Update for METRO’s Inner Katy BRT Plan
This week we have another excellent post from Oscar Slotboom.
In January Metro received a Categorical Exclusion (CATEX) determination for the Inner Katy Bus Rapid Transit project from the Federal Transit Administration. The document can be downloaded here.
A CATEX means that no additional environmental study is needed, meaning that neither a very extensive (multiple-year) environmental impact statement nor a less-extensive environmental assessment is needed. This is good news, saving both time and money, because it will allow the project to proceed to construction as soon as plans are ready which could be as soon as later this year (with project completion in 2027) according to the presentation at the March H-GAC meeting. The CATEX is somewhat surprising, since even the most minimal road projects such as adding two more lanes to Westpark in existing right-of-way in west Houston required an environmental assessment.
At the March H-GAC meeting (Item 11) it was reported that Metro and TxDOT have resolved the remaining design issues. The design will accommodate TxDOT’s planned four managed lanes when TxDOT is able to proceed with the Inner Katy managed lanes. The updated video is posted on Metro’s project page.
From the West Loop to Washington Avenue, the BRT will initially run in the center of the freeway. When TxDOT proceeds with the managed lanes, a separate structure will be built for the BRT on the south side of the Katy Freeway.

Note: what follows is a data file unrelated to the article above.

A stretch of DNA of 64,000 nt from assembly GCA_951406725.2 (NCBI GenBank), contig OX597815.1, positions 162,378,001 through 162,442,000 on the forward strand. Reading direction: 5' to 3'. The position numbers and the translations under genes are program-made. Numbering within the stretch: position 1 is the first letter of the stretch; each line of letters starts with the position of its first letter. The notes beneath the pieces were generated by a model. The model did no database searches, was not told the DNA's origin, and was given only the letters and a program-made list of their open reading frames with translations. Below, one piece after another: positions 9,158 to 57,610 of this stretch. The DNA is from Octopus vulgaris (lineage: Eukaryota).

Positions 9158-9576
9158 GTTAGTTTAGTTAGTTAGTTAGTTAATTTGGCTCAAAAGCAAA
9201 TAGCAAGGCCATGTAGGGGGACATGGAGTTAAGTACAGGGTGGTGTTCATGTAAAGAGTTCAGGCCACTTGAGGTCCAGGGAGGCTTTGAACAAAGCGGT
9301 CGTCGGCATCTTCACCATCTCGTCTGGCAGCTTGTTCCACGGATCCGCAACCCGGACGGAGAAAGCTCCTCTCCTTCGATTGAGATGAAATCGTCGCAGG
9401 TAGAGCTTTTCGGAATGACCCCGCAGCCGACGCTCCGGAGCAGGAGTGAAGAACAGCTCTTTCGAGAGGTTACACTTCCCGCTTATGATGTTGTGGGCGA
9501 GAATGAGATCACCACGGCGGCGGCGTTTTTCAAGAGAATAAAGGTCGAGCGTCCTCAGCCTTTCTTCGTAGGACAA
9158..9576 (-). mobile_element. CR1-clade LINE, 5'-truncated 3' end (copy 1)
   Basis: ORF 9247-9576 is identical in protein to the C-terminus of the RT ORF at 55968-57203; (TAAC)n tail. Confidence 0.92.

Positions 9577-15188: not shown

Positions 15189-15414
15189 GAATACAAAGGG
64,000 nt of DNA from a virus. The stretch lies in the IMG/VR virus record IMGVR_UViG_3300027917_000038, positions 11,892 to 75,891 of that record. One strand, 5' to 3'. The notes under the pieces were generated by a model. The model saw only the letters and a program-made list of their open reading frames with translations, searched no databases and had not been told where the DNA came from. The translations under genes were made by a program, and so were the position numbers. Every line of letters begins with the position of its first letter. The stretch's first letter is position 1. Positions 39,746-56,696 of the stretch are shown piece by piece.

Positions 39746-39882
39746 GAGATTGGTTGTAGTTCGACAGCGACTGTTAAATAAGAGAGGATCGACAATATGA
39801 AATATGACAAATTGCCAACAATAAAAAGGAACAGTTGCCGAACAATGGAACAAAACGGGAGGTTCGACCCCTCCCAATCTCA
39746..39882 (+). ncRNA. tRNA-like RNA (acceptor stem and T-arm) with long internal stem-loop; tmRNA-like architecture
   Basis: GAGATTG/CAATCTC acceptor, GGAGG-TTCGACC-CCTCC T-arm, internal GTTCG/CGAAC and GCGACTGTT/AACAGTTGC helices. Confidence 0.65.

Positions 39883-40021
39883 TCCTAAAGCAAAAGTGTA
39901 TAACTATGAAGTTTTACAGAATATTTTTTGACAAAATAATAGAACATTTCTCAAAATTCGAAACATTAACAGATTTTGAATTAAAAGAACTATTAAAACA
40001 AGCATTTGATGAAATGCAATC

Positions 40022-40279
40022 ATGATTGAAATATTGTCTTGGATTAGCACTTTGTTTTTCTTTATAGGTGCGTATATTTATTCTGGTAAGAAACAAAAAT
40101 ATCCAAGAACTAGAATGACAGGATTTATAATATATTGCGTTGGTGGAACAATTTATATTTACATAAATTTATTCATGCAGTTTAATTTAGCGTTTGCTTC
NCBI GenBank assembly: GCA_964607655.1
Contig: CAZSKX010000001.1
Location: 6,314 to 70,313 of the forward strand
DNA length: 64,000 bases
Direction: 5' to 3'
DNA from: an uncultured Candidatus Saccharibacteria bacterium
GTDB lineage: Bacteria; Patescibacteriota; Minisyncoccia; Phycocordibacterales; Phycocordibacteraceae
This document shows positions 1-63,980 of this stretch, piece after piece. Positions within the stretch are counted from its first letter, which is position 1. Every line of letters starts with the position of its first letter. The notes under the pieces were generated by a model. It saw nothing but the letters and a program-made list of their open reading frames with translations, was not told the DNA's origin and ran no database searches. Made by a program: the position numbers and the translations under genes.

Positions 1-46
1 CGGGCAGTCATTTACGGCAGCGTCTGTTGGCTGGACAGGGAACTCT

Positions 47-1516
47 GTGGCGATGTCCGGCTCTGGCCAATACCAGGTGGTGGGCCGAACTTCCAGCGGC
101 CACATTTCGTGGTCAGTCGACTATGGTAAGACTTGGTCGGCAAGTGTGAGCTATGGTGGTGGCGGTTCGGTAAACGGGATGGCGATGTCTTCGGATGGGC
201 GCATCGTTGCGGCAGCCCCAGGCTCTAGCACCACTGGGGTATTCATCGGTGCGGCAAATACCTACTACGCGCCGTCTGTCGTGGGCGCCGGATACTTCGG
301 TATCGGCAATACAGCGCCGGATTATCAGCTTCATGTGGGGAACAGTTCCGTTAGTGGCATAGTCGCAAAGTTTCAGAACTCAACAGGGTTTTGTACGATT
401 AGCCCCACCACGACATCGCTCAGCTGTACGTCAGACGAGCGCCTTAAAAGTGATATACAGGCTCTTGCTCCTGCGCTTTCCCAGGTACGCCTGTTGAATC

Metro added a station at Memorial Park. In August 2021 I blogged that data in Dallas suggests that a park station will have low ridership, but the good news is that only one new station was added on the Inner Katy section (excluding downtown), for a total of three stations which is an acceptable number to maintain a decent average speed.
From Studemont into downtown, option 2 is the selected design and the BRT will be entirely separate from the managed lanes, requiring a new structure on the south and west sides of the freeway. The CATEX document (page 28) reports that option 2 requires 3.41 acres of new right-of-way, with 0.75 acres specifically for option 2. I don’t know the legal implications of the CATEX, but hopefully Metro can now proceed to acquire all the property it needs.
Read the rest of this piece at Houston Strategies.
Tory Gattis is a Founding Senior Fellow with the Urban Reform Institute and co-authored the original study with noted urbanist Joel Kotkin and others, creating a city philosophy around upward social mobility for all citizens as an alternative to the popular smart growth, new urbanism, and creative class movements. He is also an editor of the Houston Strategies blog.
Photo: Courtesy Houston Strategies